As Sudan’s latest conflict intensifies, artisanal gold miners are caught in the crosshairs – by Philip Obaji Jr. (Equal – May 24, 2023)

On 17 April 2023, just before sunset in al-Ibaidiya, a Sudanese mining town on the banks of the River Nile about 400 kilometres north of Khartoum, four soldiers stormed the home of Omar Sheriff and dragged him out of his house. For hours, according to Sheriff, two of the soldiers searched his home, while the others held him hostage outside of his compound.

“They [the soldiers] falsely accused me of working with Russian merchants to smuggle gold out of Sudan,” Sheriff tells Equal Times. “They were hoping to find documents relating to gold smuggling operations at my home, but they couldn’t find anything incriminating.”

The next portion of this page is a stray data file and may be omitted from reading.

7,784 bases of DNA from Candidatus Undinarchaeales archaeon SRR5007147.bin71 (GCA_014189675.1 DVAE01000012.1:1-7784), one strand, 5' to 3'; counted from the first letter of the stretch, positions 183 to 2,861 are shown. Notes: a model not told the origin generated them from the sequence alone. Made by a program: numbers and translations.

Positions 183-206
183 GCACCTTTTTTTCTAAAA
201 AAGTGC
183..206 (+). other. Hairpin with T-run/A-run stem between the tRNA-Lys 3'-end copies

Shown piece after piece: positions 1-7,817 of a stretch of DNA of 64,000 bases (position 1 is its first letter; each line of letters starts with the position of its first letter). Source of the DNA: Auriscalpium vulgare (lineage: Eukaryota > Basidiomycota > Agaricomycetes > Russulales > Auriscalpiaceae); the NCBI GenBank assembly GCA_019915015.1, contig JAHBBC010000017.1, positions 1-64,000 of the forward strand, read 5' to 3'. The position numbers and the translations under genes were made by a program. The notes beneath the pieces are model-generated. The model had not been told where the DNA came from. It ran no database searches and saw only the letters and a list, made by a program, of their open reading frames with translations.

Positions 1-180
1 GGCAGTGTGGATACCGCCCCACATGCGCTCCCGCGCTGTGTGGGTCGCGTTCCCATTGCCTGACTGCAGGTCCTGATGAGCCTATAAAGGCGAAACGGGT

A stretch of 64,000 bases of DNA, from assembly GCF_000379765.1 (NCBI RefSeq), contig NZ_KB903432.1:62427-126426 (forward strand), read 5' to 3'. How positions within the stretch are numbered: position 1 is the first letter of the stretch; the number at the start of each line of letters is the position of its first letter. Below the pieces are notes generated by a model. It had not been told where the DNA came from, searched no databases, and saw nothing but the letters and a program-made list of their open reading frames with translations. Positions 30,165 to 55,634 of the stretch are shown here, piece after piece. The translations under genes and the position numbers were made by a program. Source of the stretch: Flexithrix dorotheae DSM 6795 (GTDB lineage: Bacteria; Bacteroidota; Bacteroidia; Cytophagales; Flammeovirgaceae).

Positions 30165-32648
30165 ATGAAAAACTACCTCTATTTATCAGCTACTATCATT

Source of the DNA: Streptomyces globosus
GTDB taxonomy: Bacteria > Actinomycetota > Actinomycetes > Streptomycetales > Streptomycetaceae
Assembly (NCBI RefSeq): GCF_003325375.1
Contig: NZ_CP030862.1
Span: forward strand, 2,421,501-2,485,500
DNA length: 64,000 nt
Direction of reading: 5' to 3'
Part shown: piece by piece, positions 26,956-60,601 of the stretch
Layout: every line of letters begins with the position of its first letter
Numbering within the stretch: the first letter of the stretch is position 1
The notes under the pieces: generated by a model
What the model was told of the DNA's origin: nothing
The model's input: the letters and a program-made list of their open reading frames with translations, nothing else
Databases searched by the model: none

Ever since fighting broke out on 15 April between the Sudanese Armed Forces (SAF), headed by Sudan’s de facto ruler General Abdel Fattah al-Burhan, and paramilitaries from the Rapid Support Forces (RSF), headed by General Mohamed Hamdan Daglo (popularly known as ‘Hemedti’), dozens of artisanal miners in al-Ibaidiya have been harassed by government forces who accuse them of conniving with gold merchants from a nameless firm.

Known by locals only as ‘The Russian Company’, the gold company is said to be owned by the Wagner Group, a Russian private military organisation that initially “secured the exploiting and exporting of Sudanese gold to Russia,” according to the Council of the European Union, by supporting and collaborating with the SAF, before switching sides and providing training and military support to the RSF.

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